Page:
Thursday, May 24, 2007

P2P Networks Significantly Increase Risk of Identity Theft

Ask someone who has a child in middle school up through college what P2P is and chances are you’ll get a look of uncertainty. Chances are they will not know what you are talking about and if they do the details will be scant.

If they do know what P2P is, do they truly understand the dangers of it outside of the fact the kids are likely using it to obtain copyrighted material for free and most likely illegally. There are legal ways to use P2P networks for sharing photos and video clips and other homemade material, but it is used mainly for illegal downloading of copyrighted material without paying for it.

P2P is an abbreviation for Peer to Peer networking. How it works in simple terms, you expose folders on your PC to other peoples PC’s on a network, and you copy anything you find in their folder back to your PC, generally music files. But anything else in that folder is fair game to anyone on the network who wants to look at your PC. And depending on how the PC user allows others to view files, your entire hard drive could be read like an open book to anyone on the internet. Nothing scary there! You might just as well go post files of last years tax returns in a chatroom of identity thieves and set a timer to see how quick someone becomes you.

The network is set up by a third party service who just acts as a hub that all the users pass through to get to other PC’s on the network. They are everywhere and becoming harder to shut down due to ruling in court cases and the ability to operate in a manner that cannot be easily detected.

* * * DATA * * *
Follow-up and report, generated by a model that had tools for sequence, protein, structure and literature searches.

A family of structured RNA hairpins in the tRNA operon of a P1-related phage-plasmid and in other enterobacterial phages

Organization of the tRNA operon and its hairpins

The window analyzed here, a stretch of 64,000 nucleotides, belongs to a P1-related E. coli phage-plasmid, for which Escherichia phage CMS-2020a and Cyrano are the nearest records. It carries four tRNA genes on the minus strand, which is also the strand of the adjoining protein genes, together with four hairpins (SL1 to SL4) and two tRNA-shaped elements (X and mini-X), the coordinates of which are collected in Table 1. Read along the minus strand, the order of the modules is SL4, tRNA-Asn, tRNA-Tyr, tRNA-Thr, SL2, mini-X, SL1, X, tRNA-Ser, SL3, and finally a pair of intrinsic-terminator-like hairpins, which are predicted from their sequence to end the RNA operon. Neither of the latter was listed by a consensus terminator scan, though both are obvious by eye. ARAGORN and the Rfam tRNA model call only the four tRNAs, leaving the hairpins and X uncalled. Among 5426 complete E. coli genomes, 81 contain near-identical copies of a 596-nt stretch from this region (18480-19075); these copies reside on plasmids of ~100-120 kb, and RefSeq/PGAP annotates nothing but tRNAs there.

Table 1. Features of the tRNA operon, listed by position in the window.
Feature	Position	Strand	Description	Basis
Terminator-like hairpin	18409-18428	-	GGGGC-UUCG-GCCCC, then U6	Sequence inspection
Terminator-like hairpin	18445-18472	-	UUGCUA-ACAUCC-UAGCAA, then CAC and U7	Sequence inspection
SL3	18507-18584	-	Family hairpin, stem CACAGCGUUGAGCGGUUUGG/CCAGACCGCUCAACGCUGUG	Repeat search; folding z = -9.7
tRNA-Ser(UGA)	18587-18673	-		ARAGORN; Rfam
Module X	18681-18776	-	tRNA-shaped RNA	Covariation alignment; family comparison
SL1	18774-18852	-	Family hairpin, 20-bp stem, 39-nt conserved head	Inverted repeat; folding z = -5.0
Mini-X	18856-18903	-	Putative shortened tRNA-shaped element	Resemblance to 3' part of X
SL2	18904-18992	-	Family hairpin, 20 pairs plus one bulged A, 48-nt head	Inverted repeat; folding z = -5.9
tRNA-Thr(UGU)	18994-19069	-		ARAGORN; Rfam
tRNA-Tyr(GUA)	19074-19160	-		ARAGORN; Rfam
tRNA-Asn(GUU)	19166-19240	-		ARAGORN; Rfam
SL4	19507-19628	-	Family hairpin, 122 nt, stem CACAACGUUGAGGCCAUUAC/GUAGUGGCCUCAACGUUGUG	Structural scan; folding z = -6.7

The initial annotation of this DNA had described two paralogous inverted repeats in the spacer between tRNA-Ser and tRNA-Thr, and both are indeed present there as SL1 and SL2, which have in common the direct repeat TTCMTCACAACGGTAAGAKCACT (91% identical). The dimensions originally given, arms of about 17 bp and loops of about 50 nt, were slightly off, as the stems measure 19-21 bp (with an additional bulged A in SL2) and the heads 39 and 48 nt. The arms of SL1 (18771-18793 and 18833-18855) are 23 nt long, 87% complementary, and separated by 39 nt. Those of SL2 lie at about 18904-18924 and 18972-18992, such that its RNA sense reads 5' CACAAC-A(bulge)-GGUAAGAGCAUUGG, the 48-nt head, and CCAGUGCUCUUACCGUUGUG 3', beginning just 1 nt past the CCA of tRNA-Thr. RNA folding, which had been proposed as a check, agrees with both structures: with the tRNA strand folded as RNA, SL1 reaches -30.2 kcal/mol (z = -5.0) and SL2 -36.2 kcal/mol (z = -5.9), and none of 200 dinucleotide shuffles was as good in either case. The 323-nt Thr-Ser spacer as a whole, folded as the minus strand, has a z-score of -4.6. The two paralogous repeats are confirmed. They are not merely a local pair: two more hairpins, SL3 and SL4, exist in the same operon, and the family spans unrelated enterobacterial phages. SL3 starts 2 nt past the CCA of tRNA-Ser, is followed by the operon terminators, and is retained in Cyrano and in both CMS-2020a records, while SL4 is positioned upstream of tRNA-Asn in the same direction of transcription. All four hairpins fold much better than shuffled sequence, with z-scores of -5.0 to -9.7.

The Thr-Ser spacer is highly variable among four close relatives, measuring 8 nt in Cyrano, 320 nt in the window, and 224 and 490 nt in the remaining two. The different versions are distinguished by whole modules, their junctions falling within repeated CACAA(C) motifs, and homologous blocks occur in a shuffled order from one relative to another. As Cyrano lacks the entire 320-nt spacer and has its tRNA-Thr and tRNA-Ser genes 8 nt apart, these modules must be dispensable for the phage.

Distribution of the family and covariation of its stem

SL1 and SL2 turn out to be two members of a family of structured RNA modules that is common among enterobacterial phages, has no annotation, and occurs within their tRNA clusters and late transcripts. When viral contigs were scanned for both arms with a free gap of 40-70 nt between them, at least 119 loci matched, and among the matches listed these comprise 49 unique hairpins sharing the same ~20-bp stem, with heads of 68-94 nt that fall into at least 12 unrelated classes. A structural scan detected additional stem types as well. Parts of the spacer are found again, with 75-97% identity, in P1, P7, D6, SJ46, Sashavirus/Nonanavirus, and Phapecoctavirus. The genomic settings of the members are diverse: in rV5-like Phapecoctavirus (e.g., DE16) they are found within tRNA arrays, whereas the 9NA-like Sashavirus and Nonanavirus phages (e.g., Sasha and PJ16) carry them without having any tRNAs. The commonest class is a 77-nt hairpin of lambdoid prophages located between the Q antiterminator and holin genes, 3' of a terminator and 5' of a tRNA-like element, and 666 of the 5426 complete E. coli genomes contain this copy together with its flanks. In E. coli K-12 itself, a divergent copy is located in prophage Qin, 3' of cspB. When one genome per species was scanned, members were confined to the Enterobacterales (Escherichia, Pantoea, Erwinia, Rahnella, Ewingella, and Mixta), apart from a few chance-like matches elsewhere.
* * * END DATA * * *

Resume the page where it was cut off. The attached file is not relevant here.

P2P has been around for a long time, remember the name Napster in the news a few years back? They brought P2P file sharing to the mainstream. The recording industry got them shut down because of the massive losses in music sales all blamed on illegal P2P usage.

So what has changed since then? P2P is growing among younger PC users and exposing their own or their parents personal information to identity thieves. The thieves scour P2P networks looking for personal information in folders that your 9th grader has exposed unknowingly.

According to a recent study released by Dartmouth business school researchers, P2P users have increased from 4 million in 2003 to approximately 10 million today.

So no surprise that along with it, identity theft has also been on the rise. It is an epidemic in this country. Is P2P responsible for that? It sure has added to the ease in which the thieves are obtaining information.

So now what? Any sensible adult who has any child engaged in P2P file sharing of any sort, particularly illegal music, should shut it down and close that door immediately. The lure of free (illegal) music for the kids will pale in comparison if you bank account get drained by an identity thief. There are plenty of safe and secure site to buy music from at extremely reasonable prices.

It is up to individuals to protect themselves and keep tabs on what is happening on the family PC. Go take a look before it’s too late.